Japan parliament passes controversial secrecy law

[JURIST] Japan's parliament on Friday passed a controversial secrecy law amid widespread protests. The law, which has drawn protests [Bloomberg report] at every step of the approval process, targets public officials who leak information to the public. Those convicted under the law could face up to 10 years in prison. US based rights group, Open Society Foundations [advocacy website], criticized [press release] the law as a threat to public accountability. Others claim it is too broad and vague, covering too much information, while the lack of an independent review process leaves wide latitude for abuse. Prime Minister Shinzo Abe's [official profile] government proposed the law, insisting that the law is essential for setting up a US-style National Security Council. This, Abe claims will allow the government to manage delicate information more effectively.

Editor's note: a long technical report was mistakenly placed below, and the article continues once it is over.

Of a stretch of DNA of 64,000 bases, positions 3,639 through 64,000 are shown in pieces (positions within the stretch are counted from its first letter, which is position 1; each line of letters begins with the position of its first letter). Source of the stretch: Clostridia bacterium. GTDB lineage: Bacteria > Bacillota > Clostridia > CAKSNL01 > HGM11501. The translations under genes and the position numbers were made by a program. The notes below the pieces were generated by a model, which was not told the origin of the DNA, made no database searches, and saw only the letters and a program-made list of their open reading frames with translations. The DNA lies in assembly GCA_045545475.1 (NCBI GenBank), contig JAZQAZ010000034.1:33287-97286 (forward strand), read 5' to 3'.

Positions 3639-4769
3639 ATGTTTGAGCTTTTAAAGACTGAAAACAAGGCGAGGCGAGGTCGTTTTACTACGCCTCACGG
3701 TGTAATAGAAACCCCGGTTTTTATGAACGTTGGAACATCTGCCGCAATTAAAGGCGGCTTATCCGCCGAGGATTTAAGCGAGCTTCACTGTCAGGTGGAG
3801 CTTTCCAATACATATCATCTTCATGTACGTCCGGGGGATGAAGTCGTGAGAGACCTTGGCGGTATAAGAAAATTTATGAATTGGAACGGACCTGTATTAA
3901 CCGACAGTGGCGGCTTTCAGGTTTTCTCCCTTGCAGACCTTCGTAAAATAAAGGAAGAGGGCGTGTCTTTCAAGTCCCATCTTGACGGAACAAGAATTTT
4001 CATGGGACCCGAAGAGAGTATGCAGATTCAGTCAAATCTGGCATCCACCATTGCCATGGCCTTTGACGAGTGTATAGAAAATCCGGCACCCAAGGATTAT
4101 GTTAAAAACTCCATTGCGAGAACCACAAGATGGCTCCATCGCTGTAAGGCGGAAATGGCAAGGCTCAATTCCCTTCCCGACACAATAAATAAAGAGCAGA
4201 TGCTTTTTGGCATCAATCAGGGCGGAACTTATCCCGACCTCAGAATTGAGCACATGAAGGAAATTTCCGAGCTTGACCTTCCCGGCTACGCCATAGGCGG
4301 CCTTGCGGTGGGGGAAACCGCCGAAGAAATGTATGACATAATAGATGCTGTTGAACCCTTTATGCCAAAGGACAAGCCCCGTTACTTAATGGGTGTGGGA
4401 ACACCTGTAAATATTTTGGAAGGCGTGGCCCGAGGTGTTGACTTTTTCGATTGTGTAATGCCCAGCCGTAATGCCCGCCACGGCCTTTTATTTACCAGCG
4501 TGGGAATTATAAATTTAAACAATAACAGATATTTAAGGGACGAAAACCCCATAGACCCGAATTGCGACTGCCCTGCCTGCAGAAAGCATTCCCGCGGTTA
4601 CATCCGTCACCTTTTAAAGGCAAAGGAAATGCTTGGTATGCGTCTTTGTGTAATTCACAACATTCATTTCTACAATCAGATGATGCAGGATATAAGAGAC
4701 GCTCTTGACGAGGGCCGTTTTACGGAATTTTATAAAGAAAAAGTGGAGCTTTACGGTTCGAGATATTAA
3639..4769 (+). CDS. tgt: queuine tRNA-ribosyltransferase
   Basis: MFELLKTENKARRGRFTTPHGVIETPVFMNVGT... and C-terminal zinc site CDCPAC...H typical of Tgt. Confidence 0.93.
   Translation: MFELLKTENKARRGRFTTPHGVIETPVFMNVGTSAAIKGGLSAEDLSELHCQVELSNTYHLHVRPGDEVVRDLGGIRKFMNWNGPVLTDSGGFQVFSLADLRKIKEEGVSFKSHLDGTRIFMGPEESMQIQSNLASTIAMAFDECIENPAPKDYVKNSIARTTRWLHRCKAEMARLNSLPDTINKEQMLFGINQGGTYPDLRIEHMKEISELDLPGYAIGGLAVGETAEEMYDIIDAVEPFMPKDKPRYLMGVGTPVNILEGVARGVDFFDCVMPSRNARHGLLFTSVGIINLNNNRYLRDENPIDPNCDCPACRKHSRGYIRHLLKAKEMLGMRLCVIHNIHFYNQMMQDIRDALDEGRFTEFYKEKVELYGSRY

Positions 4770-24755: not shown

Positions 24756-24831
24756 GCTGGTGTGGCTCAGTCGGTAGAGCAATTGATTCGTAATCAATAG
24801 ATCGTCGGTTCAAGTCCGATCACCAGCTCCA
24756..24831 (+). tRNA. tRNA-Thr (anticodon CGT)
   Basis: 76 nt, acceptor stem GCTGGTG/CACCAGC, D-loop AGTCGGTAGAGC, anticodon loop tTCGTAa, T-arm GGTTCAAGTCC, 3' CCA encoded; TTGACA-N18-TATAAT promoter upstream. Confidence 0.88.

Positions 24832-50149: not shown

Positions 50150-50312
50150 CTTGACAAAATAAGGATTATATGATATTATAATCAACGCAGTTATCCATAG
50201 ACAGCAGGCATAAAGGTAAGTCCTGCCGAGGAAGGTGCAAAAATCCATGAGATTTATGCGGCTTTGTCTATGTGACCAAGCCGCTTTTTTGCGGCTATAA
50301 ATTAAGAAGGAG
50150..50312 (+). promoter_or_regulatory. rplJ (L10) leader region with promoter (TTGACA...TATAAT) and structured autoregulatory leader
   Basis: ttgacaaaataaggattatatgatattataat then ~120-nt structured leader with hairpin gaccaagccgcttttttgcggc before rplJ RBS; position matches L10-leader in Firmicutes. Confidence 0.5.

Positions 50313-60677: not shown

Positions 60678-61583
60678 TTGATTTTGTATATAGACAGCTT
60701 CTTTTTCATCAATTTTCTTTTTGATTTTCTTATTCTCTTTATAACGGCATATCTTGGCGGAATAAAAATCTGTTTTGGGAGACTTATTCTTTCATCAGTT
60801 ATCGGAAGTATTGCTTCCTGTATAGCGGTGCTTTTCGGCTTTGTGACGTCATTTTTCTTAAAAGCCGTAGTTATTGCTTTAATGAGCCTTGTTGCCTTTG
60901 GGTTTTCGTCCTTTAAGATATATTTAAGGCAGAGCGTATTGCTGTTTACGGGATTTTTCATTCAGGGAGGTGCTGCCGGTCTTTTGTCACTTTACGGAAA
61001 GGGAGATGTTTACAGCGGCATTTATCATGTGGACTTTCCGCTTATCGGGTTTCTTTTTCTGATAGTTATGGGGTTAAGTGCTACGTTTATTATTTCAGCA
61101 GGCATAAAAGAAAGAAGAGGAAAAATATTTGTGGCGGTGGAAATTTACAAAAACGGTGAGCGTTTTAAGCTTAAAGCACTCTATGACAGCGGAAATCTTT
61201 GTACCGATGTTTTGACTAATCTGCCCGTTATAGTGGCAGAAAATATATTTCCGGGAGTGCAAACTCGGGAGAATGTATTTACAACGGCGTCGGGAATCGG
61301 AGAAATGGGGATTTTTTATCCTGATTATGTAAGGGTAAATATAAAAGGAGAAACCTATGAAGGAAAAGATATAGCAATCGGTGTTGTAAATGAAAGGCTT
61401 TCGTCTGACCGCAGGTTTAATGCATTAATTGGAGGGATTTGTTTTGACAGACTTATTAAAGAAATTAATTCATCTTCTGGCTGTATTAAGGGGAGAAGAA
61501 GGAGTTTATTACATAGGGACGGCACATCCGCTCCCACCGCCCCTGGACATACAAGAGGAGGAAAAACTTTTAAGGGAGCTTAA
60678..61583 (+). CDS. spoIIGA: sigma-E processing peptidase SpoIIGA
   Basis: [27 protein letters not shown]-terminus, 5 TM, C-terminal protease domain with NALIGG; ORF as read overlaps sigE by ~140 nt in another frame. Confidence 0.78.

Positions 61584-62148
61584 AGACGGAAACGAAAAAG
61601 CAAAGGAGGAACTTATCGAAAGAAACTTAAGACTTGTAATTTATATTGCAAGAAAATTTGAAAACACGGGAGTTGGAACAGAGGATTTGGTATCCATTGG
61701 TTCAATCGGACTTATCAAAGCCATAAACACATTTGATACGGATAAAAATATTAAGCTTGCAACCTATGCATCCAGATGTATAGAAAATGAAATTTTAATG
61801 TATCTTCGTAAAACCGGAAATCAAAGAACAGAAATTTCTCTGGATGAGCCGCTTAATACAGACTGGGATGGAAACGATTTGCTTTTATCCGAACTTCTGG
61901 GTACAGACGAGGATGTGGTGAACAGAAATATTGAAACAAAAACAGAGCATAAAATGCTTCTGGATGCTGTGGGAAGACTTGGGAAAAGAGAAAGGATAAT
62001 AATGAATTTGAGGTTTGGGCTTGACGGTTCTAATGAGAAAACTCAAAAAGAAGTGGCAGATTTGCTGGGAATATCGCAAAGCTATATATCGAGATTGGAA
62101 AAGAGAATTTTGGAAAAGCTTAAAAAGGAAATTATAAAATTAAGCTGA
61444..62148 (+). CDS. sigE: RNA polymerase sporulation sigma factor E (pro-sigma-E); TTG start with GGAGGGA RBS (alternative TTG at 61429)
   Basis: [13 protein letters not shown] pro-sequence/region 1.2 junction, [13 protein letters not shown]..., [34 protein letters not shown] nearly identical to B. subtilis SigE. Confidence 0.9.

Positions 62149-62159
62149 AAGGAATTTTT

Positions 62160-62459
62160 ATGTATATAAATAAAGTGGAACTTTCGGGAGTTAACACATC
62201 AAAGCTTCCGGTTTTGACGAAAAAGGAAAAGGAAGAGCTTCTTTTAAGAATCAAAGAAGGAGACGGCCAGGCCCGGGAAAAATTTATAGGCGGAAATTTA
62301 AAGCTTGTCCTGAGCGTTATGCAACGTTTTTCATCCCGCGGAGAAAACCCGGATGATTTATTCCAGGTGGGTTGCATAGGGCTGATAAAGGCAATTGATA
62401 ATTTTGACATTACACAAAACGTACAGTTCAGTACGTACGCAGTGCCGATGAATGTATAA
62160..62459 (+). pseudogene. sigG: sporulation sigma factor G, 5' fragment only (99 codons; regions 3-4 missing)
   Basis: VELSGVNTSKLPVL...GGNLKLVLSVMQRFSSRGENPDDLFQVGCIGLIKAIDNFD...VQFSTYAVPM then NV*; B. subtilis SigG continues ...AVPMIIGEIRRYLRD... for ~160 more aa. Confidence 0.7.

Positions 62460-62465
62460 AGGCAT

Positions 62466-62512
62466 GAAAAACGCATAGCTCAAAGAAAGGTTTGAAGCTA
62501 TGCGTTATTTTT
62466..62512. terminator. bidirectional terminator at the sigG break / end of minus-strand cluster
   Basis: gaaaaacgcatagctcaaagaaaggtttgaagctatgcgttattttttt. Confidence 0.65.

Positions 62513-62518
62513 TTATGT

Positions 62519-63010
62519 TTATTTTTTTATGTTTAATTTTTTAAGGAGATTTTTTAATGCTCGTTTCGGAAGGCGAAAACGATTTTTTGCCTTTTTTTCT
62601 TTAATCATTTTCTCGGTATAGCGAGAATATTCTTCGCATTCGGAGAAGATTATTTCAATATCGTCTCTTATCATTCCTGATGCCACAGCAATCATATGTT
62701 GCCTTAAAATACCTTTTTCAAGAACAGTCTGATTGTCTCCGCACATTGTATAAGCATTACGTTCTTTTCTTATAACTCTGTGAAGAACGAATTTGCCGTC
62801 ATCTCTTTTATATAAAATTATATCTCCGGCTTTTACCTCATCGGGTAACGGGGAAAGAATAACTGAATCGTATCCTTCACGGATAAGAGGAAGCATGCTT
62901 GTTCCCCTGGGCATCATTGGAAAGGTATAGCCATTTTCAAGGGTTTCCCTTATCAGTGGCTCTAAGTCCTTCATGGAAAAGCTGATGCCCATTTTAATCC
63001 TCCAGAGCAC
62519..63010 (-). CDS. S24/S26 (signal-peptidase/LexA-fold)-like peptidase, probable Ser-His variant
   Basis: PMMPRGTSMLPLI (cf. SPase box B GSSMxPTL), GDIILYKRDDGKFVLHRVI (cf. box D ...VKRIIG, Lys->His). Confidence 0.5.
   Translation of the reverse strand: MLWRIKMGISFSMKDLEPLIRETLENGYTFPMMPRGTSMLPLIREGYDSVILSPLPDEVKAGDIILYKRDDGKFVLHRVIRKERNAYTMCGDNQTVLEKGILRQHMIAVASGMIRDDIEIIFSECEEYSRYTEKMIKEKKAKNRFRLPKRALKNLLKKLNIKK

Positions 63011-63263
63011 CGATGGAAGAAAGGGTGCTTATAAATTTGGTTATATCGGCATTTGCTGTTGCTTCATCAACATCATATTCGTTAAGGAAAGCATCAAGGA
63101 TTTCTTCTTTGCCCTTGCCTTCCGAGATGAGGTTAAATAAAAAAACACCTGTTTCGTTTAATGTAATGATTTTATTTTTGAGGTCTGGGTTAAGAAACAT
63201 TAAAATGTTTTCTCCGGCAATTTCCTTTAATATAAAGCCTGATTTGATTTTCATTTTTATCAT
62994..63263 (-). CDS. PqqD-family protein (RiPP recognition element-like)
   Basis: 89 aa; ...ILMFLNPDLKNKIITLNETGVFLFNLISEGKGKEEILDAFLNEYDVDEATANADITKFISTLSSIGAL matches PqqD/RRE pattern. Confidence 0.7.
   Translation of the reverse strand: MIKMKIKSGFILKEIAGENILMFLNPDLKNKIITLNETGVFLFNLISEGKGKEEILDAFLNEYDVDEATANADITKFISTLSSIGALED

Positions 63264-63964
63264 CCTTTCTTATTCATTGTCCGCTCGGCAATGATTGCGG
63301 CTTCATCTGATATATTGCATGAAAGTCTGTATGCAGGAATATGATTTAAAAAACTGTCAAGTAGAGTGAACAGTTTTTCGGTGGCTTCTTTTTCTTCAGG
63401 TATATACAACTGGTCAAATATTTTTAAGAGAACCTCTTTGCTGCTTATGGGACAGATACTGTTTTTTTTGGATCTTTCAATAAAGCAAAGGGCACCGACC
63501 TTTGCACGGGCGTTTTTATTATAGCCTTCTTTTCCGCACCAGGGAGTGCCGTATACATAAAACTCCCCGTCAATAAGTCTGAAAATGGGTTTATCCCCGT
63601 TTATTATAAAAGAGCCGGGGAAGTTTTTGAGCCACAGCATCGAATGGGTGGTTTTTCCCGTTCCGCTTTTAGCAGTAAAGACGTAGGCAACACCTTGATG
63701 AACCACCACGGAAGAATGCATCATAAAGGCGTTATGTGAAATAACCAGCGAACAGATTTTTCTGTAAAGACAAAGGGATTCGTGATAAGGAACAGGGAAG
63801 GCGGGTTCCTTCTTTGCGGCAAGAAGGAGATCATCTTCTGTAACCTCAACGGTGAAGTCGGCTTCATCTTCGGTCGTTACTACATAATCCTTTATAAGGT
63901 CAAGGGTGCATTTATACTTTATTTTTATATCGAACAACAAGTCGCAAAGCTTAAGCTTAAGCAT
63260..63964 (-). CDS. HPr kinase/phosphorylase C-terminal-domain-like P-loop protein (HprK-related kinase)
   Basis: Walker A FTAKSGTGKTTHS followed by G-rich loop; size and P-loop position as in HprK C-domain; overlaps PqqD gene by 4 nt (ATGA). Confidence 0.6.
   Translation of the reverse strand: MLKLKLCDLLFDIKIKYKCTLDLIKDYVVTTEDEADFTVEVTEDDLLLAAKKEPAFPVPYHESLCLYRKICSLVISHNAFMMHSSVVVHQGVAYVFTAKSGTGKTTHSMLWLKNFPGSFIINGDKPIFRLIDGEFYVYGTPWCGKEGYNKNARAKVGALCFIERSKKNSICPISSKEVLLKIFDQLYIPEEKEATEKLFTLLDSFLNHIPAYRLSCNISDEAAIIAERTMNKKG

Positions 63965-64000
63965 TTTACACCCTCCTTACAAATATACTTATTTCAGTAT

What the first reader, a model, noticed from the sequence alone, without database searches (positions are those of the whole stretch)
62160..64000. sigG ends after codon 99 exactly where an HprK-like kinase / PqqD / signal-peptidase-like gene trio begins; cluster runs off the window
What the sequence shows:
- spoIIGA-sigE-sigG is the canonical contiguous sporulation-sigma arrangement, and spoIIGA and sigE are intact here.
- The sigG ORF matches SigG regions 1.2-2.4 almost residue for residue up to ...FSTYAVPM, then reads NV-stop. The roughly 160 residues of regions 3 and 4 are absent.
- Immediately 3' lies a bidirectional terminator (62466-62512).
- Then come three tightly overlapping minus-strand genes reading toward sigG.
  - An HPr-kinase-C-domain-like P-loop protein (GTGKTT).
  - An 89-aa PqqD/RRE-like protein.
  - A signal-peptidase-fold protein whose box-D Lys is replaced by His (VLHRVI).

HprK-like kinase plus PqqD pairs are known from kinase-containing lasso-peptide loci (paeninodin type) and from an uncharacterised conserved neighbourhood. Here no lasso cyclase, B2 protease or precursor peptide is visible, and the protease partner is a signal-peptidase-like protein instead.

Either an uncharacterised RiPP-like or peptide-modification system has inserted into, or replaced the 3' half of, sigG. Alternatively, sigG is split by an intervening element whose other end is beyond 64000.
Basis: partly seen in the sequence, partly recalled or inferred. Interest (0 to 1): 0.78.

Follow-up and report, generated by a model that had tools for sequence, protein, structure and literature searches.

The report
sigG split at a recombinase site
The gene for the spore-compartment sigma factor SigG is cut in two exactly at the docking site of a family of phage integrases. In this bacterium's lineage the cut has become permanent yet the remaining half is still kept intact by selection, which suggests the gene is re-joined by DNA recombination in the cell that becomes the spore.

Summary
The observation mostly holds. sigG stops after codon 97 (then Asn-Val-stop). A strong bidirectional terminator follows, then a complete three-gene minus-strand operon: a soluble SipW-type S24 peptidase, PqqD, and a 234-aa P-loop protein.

Protests began when the law was proposed [JURIST report] in November. In September US lawmakers proposed [JURIST report] a massive overhaul of surveillance laws following an information leak in May, when former US National Security Agency (NSA) contractor Edward Snowden leaked information regarding secret NSA surveillance programs [JURIST backgrounder]. Legal commentators argue [JURIST op-ed] the espionage charge against Snowden rests on whether his disclosure of the gathering of call data harmed the US or helped a foreign nation. Lawmakers also called for a criminal investigation into the Snowden's involvement in the NSA surveillance scandal [JURIST podcast].

 

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